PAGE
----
Mr Cameron said they would sign a "landmark agreement" which "amounts to nothing less than a global war against online child abuse".

As part of the agreement, he said a "range of countries" had committed to create "dedicated law enforcement response" to tackle child abuse images.

He said a new "global child protection fund" would be set up, with the UK the first and "most major" donor - paying £50m over the next five years.

Mr Cameron said internet firms had gone "above and beyond" what they had been asked to do in terms of blocking access to child abuse images.

He also said:

•  Google now blocked access to images and videos of abuse for searches in 40 languages

•  Microsoft technology meant a picture's "digital fingerprint" could be used to search for and delete the image wherever it appeared online

•  Google "video hashing" technology meant a similar process could be used to "scour" the web and remove videos

•  Microsoft, Google and Mozilla were "working together to look at" having "built-in restrictions to block access" to child abuse material - Mr Cameron said this would be a "game changer"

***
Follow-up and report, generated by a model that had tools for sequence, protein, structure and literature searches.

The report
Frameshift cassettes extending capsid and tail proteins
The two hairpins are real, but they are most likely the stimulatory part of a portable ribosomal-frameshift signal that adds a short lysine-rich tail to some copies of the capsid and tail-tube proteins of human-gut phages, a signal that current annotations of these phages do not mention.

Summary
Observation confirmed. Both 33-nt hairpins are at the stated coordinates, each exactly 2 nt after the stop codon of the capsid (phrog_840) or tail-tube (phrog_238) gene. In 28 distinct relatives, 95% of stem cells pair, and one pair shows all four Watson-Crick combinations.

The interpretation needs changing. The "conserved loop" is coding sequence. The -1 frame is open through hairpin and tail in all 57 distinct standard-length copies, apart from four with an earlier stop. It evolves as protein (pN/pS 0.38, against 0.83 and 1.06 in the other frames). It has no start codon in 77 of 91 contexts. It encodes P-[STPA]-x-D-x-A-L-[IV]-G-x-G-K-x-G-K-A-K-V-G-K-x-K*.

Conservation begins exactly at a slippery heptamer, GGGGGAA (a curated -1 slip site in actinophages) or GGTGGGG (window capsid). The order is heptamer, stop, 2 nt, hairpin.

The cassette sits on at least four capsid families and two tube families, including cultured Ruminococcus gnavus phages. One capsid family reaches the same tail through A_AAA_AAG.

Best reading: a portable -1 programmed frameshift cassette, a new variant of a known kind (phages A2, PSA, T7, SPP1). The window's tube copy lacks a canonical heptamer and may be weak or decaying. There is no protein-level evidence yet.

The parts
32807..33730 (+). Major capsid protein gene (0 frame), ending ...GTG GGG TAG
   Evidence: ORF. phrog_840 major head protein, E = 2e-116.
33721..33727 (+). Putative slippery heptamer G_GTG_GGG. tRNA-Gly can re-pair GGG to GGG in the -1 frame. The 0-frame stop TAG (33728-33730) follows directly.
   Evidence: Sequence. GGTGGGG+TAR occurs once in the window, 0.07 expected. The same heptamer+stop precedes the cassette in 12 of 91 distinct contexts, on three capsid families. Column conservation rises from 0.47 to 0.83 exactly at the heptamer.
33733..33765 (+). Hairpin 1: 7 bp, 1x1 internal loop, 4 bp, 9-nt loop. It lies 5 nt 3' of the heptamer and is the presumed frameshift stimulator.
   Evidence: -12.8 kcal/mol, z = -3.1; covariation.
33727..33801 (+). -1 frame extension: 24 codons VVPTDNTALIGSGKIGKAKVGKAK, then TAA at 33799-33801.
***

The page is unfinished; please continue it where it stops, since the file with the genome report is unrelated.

Google said it "aggressively" removes child abuse images, adding: "Over the past 12 months our algorithm changes and deterrent campaign have already led to a five-fold reduction in a number of child sexual abuse image-related queries in search."

Responding to Mr Cameron's comments, shadow home secretary Yvette Cooper said there were "very serious gaps" in the government's plans because "thousands of cases of abuse are not being followed up by the police".

"We know the National Crime Agency has details of over 20,000 suspected of accessing images of child abuse under Operation Notarise, and yet they have only investigated a tiny proportion of these - and arrested fewer than 1,000," she said.



Countering child abuse through CALM

by Jennifer Best

Preschoolers and staff at Santa Maria Valley YMCA got into the spirit of the season Wednesday morning with a gift-wrapping party. The packages, wrapped adorably by preschool-aged fingers, will be delivered with basic supplies, food, and festive decorations to families in need served by Child Abuse Listening Meditation (CALM).

"We identify families we're working with who are also living in poverty and most likely won't be able to provide presents for their children. Local donors adopt the families and shop for them. YMCA staff adopted some of those families, the kids wrapped, and our office, which is already super crowded, is just full of gifts," said Sandra Fuhring, North County development associate for CALM.

CALM was founded in Santa Barbara in 1970 to reach stressed parents before they hurt their children. In 2010, the program expanded into Santa Maria Valley with an office on Carmen Lane. Today, it remains the only nonprofit agency in Santa Barbara County focused solely on preventing, assessing, and treating child abuse and family violence through comprehensive, cutting-edge programs.